Is Natural Rights State of Nature or Social Contract

VonDaniel W.

Is Natural Rights State of Nature or Social Contract

The principles according to which individuals in the original position, behind the veil of ignorance, would choose to regulate a society at the most elementary level (i.e. before a constitution) are rightly called by Rawls the two principles of justice. These two principles determine the distribution of civil liberties as well as social and economic goods. The first principle is that every person in a society should have as much fundamental freedom as possible, as long as everyone is granted the same freedoms. That is, there must be as much civil liberty as possible as long as these assets are evenly distributed. (This would exclude, for example, a scenario in which there would be a greater totality of civil liberties than in an alternative scenario, but in which these freedoms would not be evenly distributed among citizens.) The second principle states that while social and economic inequalities can be equitable, they must be equally accessible to all (i.e. no one should be denied access to greater economic benefits in principle), and that these inequalities must be for the benefit of all. This means that economic inequality is only justified if the most advantaged member of society is nevertheless better off than would be the case in the case of other arrangements. Only if a rising tide really lifts all boats up can economic inequality be taken into account in a just society. The method of the original position supports this second principle, which is called the principle of difference, because if we stand behind the veil of ignorance and therefore do not know what our situation will be in society, once the veil of ignorance is lifted, we will accept only those principles that are to our advantage, even if we find ourselves in the least favored position of society. For Hobbes, the state of nature is characterized by the „war of every human being against every human being,“ a constant and violent condition of competition in which every individual has a natural right to everything, regardless of the interests of others. Existence in the state of nature is, as Hobbes puts it, „lonely, poor, evil, brutal and short.“ The only laws that exist in the state of nature (the laws of nature) are not alliances forged between people, but principles based on self-preservation. What Hobbes calls the first law of nature, for example, is that property plays a vital role in Locke`s argument in favor of civil government and the treaty that establishes it.

According to Locke, private property is born when a person mixes his work with nature`s raw materials. For example, if you cultivate a piece of land in nature and turn it into a piece of arable land that produces food, then you claim to own that piece of land and the food produced on it. (This led Locke to conclude that America did not really belong to the natives who lived there because, in his opinion, they did not use the basic material of nature. In other words, they didn`t cultivate it, so they had no legitimate right to it, and so others could rightly appropriate it.) Given the implications of natural law, there are limits to the amount of goods one can own: one should not take away more from nature than one can use, so that others do not have enough for themselves. Because the nature of all mankind is given by God for their common sustenance, one cannot take more than one`s own just share. Property is the cornerstone of Locke`s argument for the social contract and civil government, as it is the protection of their property, including their property in their own bodies, that people seek when they decide to abandon the state of nature. The problem in the state of nature, Rousseau said, was finding a way to protect everyone`s life, liberty and property while keeping every person free. Rousseau`s solution was for people to enter into a social contract. They would give up all their rights, not to a king, but to „the whole community“, to all the people.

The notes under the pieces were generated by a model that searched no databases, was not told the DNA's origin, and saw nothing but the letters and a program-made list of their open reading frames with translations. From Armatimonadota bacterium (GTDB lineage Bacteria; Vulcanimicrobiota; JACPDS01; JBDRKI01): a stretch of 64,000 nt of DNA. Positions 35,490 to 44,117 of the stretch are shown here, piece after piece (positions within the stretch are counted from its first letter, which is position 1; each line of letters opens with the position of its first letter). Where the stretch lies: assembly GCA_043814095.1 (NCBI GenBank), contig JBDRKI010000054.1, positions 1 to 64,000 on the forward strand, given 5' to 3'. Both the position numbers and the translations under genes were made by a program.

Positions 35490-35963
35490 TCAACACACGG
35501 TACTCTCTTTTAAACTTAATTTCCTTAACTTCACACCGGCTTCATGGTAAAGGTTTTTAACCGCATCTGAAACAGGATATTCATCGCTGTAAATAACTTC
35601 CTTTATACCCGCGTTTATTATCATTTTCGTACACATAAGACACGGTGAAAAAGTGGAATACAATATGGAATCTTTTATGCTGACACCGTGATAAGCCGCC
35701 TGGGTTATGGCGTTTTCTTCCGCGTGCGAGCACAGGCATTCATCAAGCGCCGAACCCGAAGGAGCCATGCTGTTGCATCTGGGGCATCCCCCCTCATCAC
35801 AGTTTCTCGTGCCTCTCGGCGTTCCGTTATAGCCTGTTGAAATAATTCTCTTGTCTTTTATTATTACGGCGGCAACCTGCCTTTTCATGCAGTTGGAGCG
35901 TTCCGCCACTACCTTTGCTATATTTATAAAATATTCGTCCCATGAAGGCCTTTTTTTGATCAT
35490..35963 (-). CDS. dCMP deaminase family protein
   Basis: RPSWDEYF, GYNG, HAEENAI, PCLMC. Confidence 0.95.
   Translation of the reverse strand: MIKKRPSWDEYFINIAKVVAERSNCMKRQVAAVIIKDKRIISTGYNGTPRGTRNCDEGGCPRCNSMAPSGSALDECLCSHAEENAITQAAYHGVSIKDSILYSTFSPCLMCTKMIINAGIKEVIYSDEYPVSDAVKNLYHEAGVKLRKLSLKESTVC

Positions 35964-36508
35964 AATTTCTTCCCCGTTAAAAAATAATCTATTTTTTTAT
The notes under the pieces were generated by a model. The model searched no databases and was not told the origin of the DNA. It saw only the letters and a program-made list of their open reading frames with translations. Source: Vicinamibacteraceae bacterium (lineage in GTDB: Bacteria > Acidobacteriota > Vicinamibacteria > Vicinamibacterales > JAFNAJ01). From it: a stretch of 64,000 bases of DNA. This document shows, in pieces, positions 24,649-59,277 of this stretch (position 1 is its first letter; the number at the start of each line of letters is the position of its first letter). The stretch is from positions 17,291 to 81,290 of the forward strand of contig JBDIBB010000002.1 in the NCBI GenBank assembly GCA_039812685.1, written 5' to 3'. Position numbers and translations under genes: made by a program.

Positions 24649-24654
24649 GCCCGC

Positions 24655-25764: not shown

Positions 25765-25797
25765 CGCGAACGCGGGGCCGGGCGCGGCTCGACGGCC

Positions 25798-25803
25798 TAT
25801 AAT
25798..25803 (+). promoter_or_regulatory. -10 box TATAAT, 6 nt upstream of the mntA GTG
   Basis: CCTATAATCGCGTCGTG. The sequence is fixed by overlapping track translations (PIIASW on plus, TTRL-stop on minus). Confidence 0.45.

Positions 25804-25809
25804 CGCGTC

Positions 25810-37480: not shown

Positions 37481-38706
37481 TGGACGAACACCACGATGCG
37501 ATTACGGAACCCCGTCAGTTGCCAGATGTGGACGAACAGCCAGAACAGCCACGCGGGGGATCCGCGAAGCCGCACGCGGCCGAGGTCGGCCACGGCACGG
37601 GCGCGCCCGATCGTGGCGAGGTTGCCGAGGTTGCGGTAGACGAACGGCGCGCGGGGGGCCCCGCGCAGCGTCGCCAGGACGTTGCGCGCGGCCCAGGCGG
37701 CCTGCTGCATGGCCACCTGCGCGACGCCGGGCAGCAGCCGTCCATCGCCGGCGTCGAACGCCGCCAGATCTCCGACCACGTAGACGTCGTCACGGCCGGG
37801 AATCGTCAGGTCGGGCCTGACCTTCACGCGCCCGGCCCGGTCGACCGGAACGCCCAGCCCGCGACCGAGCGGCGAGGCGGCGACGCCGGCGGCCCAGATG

He called all the people the „sovereign,“ a term hobbes used primarily to refer to a king. The people then exercised their „general will“ to legislate for the „public good“. In 1649, a civil war broke out over who would rule England – Parliament or King Charles I. The war ended with the beheading of the king. Shortly after Charles` execution, an English philosopher, Thomas Hobbes (1588-1679), wrote Leviathan, a defense of the absolute power of kings. The book`s title referred to a Leviathan, a mythological whale-like sea monster that devoured entire ships. Hobbes compared Leviathan to government, a powerful state created to create order. Another point of contention concerns the extent to which Locke believed that natural law could in fact be recognized by reason.

Strauss (1953) and Peter Laslett (Introduction to Locke`s Two Treatises), although very different in their interpretations of Locke in general, see Locke`s theory of natural law as full of contradictions. In the essay Concerning Human Understanding, Locke defends a theory of moral knowledge that denies the possibility of innate ideas (Essay Book 1) and asserts that morality is capable of demonstrating in the same way as mathematics (Essay 3.11.16, 4.3.18-20). .

Über den Autor

Daniel W. administrator